I have been told that UKIP for some reason paid no attention to the postal voters and did not organize a significant campaign among them. If so, that was a grievous fault. The Dear Leader's comments about possible fraud because of the high level of postal voting may be written off as sour grapes but, in fact, it raises an important issue: extensive and unnecessary postal voting is open to fraud and there have been several cases when that was proven. If UKIP have evidence they should definitely take it to court. The suggestion that the voter fraud is particularly virulent in Oldham because of the ethnic make-up of the constituency is a slightly more difficult issue and one that needs a great deal more proof than Our Nige has managed to provide.

As so many times before we need to ask that question: what next for UKIP? The Labour party that proved absolutely nothing in Oldham can look after itself. But what of UKIP? Will they stop boasting and making self-satisfied statements about their position and campaign (not at the moment but likely to start again next week)? Will they rethink their main message, which has been concentrating more on immigration of all kinds (and that alone muddles issues) instead of the EU? Will they consider getting rid of their Leader for more than three days as he is not leading them anywhere near victory?


  1. A fairly senior Labour eurosceptic told me at the weekend that they estimated 2million of UKIP"s general election votes had come from the .
    He hoped that Jeremy Corbyn would eventually return to his roots and espouse the cause of leaving the EU so that they could get those votes back.

    1. Were those Corbyn's roots? No evidence of it but then, to be honest, there is little evidence of any Corbyn policy apart from support for nasties from the IRA to Putin, taking Hamas in on the way.

  2. UKIP's failure to gain any electoral traction at all is very strange. Perhaps it is Farage's leadership. As an outsider I find it difficult to judge why so many people dislike him - he doesn't seem any worse than the average politician. Perhaps that's the problem - to break the stranglehold of the major parties would require a very exceptional and very charismatic leader. The major parties can get by with nonentities - which is just as well for them because they seem to have an endless supply of such nonentities!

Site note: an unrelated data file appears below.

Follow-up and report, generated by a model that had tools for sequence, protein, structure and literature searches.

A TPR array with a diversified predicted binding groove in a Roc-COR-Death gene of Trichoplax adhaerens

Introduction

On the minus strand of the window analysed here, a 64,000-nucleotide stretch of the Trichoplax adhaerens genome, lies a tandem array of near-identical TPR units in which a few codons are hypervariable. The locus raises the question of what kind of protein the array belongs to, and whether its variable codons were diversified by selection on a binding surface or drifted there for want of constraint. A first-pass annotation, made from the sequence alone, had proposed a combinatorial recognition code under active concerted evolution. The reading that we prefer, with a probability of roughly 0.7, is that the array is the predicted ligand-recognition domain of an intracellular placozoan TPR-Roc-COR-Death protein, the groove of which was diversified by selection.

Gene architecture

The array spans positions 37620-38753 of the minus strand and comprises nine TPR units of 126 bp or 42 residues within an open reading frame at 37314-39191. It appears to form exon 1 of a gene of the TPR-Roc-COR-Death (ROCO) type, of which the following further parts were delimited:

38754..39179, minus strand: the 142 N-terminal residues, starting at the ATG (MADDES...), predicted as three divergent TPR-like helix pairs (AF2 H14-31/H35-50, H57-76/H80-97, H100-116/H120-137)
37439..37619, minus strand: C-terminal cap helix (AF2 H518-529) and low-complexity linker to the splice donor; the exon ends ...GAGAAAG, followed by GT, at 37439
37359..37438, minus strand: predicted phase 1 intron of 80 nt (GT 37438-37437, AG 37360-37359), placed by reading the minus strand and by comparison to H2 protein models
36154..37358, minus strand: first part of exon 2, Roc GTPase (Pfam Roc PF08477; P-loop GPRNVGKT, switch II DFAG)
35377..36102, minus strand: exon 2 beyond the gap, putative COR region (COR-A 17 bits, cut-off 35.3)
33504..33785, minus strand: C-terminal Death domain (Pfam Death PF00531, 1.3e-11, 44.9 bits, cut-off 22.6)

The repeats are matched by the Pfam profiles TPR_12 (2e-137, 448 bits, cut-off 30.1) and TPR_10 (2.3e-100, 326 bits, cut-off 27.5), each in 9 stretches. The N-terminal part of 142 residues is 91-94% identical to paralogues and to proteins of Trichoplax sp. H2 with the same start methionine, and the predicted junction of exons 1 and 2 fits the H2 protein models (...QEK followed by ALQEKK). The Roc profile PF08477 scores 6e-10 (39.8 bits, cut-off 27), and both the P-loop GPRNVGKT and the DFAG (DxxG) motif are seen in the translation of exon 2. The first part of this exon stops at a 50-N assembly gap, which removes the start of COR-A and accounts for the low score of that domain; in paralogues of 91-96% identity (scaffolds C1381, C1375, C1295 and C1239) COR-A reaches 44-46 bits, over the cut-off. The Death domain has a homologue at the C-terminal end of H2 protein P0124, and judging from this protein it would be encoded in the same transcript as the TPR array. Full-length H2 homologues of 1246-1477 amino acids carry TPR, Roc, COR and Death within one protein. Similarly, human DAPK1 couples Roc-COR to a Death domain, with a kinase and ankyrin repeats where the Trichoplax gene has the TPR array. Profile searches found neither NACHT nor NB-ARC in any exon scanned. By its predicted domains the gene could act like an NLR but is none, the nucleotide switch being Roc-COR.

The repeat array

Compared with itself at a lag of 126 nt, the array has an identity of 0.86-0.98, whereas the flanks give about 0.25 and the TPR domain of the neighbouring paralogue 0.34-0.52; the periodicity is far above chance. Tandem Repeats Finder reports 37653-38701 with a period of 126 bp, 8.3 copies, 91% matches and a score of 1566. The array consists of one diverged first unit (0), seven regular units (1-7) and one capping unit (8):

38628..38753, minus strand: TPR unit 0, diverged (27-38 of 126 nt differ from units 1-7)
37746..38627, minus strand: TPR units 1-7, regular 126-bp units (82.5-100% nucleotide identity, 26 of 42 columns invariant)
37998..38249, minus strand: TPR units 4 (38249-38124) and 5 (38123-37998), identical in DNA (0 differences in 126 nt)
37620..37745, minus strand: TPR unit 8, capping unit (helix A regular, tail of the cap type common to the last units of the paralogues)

We've seen the same pattern in Australia - alternative parties can get to around 10-15% of the vote and then they seem to hit the wall. Of course in most cases they have been destroyed by hysterical media hate campaigns, as happened to One Nation.

    1. Farage is not a vote winner. I have been saying this for a long time. He does well on the media but, as you say, far too many people dislike him, some because they actually know him, others because of the way he comes across. But the problem is deeper though it is connected with his personality. He is no a policy man - just not interested in it. At the same time he gets rid of or sidelines anyone who could be that because they might threaten his position. As a consequence, UKIP comes across as nothing more than a collection of slogans, some of them incredibly unpleasant and stupid. The media has actually been quite kind to Farage but has not taken him seriously. But then there is nothing to take seriously.